In today’s market, almost 80 percent of books that major publishing houses buy are sold to them through agents. Agents are experts in the publishing industry. They have networking contacts with individual editors and know better than writers what editor would be most likely to buy their work. If an editor receives a manuscript or query from an agent, that book has a better chance of getting considered first—the editor knows the agent has already weeded it out of her slush pile and that the agent wouldn’t send something along that wasn’t at least the genre or type of book the editor was seeking.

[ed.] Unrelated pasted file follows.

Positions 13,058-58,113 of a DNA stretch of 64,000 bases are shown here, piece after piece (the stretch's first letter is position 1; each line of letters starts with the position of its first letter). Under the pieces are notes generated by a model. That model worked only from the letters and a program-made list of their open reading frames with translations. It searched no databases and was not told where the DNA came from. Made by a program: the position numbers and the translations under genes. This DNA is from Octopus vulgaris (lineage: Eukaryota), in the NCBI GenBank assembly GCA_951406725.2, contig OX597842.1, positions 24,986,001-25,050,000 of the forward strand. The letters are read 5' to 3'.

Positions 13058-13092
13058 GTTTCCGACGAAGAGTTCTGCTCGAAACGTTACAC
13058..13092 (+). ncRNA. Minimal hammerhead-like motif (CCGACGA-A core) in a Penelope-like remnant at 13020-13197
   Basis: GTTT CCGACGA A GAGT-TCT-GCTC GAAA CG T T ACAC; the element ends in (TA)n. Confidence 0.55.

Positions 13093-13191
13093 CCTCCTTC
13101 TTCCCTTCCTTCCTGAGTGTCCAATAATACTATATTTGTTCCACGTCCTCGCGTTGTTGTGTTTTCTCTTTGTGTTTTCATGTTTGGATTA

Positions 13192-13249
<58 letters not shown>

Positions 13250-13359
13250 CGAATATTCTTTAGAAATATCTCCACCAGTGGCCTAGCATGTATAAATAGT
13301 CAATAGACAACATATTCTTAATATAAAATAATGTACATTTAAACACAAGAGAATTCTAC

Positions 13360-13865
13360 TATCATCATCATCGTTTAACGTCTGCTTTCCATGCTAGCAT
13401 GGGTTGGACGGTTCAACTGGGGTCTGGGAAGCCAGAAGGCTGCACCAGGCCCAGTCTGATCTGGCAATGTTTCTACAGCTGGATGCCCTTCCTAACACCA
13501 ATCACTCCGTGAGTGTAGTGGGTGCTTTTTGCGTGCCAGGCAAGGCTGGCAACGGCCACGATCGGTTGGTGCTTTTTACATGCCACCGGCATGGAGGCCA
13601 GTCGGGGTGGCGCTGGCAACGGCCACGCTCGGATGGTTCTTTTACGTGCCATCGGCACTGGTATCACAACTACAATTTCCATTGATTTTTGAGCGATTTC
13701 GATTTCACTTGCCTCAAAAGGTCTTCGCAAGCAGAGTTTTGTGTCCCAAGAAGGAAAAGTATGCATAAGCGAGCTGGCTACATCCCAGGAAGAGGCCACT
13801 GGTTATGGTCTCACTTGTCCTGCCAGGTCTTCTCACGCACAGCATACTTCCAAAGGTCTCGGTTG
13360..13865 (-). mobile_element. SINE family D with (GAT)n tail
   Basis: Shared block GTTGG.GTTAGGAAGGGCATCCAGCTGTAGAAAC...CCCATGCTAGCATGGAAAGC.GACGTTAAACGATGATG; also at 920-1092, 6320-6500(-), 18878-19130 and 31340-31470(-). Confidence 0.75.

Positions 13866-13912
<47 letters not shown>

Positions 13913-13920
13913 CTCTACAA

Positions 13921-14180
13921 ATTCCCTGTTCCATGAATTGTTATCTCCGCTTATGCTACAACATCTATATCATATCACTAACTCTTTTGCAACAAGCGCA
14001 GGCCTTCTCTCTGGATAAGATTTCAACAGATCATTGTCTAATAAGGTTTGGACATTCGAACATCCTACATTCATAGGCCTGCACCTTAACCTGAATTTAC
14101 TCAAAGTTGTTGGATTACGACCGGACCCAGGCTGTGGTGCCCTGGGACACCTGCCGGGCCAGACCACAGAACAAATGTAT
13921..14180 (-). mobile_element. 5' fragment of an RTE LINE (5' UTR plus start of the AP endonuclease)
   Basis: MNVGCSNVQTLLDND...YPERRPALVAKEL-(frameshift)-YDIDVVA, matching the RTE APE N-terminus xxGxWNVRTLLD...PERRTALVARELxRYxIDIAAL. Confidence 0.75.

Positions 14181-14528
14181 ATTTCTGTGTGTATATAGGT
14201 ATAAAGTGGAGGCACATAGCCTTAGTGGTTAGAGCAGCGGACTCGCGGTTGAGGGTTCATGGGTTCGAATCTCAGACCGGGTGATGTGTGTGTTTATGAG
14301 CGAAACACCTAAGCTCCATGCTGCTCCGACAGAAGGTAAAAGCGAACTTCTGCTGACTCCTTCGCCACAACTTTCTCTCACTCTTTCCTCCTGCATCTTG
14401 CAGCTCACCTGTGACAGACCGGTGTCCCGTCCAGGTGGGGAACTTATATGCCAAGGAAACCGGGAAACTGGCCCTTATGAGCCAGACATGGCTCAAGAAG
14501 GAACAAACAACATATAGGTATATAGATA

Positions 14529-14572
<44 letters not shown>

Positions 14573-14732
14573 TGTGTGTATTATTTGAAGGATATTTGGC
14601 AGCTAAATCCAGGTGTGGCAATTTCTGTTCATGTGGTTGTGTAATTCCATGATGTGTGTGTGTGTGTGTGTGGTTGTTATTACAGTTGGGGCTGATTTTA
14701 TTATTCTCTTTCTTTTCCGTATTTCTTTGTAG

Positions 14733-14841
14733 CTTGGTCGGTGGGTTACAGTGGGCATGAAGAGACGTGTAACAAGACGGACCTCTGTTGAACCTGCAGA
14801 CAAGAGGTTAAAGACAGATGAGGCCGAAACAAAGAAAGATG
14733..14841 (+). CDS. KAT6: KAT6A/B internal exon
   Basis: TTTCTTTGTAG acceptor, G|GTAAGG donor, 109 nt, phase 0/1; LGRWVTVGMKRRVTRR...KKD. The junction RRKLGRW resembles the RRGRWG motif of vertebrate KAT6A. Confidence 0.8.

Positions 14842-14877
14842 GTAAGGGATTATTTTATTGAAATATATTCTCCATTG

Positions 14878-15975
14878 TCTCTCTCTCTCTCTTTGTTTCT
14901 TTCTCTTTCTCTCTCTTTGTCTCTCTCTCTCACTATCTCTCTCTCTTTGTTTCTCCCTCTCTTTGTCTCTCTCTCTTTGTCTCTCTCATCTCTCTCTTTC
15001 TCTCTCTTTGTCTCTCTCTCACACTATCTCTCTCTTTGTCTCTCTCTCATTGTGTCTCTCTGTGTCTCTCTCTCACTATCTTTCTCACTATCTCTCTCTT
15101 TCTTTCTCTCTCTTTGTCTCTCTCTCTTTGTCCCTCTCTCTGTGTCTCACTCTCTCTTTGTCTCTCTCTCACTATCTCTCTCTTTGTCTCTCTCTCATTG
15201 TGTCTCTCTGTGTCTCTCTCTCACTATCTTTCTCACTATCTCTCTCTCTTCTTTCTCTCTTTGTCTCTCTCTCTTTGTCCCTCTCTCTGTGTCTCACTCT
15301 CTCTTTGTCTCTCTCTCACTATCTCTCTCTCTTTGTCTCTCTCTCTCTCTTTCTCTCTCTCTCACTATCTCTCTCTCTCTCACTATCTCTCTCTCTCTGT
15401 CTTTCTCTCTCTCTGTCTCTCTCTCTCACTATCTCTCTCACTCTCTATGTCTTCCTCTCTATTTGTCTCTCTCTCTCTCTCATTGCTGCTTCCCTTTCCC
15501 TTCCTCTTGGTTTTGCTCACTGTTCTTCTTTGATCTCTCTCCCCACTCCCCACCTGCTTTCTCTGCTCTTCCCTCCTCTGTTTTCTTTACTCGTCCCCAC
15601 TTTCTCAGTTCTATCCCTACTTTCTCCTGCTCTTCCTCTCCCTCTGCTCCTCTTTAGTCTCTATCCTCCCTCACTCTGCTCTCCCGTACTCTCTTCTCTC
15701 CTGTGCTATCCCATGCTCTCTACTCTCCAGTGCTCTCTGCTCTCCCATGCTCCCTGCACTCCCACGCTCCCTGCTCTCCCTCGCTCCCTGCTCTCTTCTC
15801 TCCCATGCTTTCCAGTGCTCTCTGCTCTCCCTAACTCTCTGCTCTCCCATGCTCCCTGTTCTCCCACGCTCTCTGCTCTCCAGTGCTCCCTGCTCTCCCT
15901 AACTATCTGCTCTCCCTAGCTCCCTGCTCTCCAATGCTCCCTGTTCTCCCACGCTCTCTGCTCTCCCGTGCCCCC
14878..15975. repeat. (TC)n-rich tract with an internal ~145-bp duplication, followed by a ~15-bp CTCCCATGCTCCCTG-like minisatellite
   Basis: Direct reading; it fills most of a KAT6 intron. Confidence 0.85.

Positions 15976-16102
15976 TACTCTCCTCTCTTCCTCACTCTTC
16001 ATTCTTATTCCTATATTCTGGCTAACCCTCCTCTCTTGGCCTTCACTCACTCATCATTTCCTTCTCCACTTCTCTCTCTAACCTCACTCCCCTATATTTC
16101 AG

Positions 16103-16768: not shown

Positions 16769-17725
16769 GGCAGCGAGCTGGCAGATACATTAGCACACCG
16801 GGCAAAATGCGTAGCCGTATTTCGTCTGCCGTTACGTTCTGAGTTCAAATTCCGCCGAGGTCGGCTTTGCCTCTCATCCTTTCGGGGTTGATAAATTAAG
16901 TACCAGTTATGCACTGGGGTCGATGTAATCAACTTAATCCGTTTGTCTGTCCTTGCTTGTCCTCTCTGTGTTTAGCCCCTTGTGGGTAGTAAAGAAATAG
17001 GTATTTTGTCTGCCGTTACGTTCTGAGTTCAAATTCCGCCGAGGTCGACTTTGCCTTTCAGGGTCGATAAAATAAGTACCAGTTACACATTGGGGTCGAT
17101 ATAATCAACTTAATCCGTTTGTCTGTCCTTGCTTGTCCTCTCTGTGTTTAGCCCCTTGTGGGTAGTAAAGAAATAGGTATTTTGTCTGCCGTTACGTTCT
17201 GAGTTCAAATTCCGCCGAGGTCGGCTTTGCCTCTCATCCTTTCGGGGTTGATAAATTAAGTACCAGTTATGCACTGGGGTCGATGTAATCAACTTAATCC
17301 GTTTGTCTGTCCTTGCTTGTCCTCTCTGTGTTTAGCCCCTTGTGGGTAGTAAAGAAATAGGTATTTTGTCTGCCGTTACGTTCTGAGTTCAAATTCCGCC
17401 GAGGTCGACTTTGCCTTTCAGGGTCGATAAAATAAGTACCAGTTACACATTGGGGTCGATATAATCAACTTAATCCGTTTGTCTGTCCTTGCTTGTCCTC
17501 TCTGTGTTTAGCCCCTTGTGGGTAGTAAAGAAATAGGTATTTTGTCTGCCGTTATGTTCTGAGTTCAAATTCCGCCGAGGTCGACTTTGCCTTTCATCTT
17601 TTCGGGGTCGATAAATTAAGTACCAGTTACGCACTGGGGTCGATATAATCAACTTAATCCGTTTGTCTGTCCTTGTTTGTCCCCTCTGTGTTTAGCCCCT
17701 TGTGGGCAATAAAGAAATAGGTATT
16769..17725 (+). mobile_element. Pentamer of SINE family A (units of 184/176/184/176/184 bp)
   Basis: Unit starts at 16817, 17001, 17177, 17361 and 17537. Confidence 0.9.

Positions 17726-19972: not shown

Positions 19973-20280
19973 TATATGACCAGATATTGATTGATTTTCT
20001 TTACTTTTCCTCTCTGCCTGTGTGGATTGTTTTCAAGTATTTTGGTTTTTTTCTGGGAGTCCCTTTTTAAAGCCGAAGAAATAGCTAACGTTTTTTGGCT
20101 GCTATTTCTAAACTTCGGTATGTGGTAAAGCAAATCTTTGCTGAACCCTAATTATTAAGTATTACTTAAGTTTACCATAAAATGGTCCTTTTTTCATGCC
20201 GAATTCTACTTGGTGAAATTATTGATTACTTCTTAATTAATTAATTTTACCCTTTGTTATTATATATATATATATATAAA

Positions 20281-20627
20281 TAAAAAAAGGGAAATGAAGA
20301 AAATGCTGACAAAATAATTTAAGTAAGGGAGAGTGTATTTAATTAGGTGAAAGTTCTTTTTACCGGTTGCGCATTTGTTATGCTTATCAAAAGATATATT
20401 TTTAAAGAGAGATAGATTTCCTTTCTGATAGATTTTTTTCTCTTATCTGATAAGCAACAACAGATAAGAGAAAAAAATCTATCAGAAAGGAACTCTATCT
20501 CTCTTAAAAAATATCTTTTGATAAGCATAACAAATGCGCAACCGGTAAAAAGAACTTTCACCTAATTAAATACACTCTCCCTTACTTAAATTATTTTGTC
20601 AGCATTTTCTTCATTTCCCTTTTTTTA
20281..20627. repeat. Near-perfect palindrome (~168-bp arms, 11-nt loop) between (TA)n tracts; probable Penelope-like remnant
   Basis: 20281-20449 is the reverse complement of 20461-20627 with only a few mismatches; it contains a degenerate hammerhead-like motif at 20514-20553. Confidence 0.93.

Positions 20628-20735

3 Things Being a Broadway Wig Master Taught Me About Storytelling
A career behind the curtain helped Amy Neswald in creating her own stories. Here, the author shares 3 things being a broadway wig master taught her about storytelling.
Ian Douglas: On Telling the Truth in Science Fiction
New York Times bestselling author Ian Douglas discusses how he incorporated implausible conspiracy theories to uncover the truth in his new science fiction novel, Alien Hostiles.
Peter Fiennes: On Finding Hope in the Writing Process
Critically acclaimed author Peter Fiennes discusses his quest to find hope in his new travel/Greek mythology book, A Thing of Beauty.
2021 November PAD Chapbook Challenge: Day 30
For the 2021 November PAD Chapbook Challenge, poets are tasked with writing a poem a day in the month of November before assembling a chapbook manuscript in the month of December. Today's prompt is to write a The End and/or The Beginning poem.